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El Clasico could be postponed with Spanish clubs threatening to go on on a strike

The much awaited El Clasico, first scheduled to be played on 28th of March, could now be postponed as Spanish clubs intend to go on a strike.

ANALYST
News 28 Feb 2015, 15:28 IST
4.62K
El Clasico
Real Madrid and Barcelona make around 140 million euros a year from the current television deal with the league making a total of 755 million.
 

The much awaited El Clasico, first scheduled to be played on 28th of March, could now be postponed as Spanish clubs intend to go on a strike against the league’s television rights deal, reports Mirror.

The disparity in the distribution of money in the prevailing deal has been a big obstruction for several Spanish clubs, with Real Madrid and Barcelona taking home major cuts out of the cake that has many mouths to feed.

To put things into perspective, with the current deal in place, Real Madrid and Barcelona gain around 140 million euros a year from the television deals with the league making a total of 755 million.

The vast difference between the allocation of cash among the clubs is apparent when you find out that Champions Atletico Madrid are entitled to just 42 million a year, 6 million less than Valencia who currently are the third highest earners from scheme. The situation is further worse for clubs like Elche, Almeria, Vallecano and Valladolid who receive a insignificant sum of 18 million euros per year.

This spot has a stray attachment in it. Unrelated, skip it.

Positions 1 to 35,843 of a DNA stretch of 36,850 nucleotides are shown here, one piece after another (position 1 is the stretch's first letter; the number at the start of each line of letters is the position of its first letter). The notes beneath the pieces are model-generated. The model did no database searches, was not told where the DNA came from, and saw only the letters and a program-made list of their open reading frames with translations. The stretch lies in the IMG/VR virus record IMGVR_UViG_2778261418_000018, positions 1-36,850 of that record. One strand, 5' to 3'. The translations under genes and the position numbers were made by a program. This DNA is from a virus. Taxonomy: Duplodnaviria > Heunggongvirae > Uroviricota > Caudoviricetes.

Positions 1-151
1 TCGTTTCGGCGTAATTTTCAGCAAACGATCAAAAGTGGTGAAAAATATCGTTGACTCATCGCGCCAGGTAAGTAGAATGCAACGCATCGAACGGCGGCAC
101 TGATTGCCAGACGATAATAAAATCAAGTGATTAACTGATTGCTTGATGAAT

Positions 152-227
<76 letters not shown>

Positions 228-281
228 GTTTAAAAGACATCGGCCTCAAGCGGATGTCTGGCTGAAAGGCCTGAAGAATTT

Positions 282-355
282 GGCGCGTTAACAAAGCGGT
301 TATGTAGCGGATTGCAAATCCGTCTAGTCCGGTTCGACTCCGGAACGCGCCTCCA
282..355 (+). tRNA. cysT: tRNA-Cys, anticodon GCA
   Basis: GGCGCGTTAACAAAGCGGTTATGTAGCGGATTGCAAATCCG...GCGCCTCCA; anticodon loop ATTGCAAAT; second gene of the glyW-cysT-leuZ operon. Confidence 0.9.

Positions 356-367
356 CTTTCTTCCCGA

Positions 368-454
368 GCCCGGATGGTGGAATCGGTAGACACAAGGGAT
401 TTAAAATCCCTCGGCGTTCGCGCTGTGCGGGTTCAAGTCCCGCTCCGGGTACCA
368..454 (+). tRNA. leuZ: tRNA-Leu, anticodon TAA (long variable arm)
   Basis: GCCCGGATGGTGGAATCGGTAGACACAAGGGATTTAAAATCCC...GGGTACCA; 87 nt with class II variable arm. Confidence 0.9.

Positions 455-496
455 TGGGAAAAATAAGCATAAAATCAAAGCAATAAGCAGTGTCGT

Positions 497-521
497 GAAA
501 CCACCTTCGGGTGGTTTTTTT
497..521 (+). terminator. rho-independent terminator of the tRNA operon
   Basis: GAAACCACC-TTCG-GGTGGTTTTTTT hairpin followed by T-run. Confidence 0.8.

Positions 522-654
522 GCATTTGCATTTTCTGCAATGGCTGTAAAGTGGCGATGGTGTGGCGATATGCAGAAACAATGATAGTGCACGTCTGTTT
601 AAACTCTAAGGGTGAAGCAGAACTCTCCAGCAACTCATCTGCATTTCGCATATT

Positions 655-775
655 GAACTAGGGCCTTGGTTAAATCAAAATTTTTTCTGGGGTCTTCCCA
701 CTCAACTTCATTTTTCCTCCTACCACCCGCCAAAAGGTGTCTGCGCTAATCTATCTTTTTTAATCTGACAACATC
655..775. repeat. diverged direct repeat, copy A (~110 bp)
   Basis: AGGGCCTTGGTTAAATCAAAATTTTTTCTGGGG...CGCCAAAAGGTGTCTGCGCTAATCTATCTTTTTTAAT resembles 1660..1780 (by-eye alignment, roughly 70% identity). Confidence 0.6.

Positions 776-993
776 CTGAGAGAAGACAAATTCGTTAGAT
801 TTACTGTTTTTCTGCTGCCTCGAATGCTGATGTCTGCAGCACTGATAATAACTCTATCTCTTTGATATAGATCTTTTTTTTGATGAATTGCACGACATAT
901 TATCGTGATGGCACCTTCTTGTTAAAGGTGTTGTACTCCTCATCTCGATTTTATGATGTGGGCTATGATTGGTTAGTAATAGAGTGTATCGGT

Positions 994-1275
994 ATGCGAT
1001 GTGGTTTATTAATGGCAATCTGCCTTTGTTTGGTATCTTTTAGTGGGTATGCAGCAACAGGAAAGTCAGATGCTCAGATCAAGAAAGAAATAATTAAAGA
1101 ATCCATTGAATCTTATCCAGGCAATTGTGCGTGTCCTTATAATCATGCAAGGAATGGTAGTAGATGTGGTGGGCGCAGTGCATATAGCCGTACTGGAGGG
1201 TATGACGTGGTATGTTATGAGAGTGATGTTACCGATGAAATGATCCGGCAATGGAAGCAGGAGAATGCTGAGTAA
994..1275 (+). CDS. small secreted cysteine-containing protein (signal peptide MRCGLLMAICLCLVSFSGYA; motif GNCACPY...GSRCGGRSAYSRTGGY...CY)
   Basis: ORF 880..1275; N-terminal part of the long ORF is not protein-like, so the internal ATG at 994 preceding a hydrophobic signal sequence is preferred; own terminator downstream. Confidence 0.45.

Comparing that to that of England’s, it gets hilarious.

Cardiff City, who are currently playing the second division of England, earned almost double of what Champions League finalists and La Liga champions Atletico Madrid took home last season. Now, yes, I do acknowledge that the number of subscribers who pay to watch the Premier League is almost 4-times of that of La Liga’s, but as it continues to be a burning issue in the country, questions will be asked.

Tired and frustrated with the growing disparity between the finances of the top two clubs and the rest of the clubs in Spain, 40 out of 41 clubs, including Real Madrid and Barcelona had voted in favour of a petition to pressure Spain’s Secretary of State, Miguel Cardenal to implement the new legislation as soon as possible.

The new legislation will bring more equity in the distribution of the money, in a manner which is very similar to the one that exists in England or Germany. But, the government’s reluctance towards the proposed legislation has now forced the clubs to go on a strike in March.

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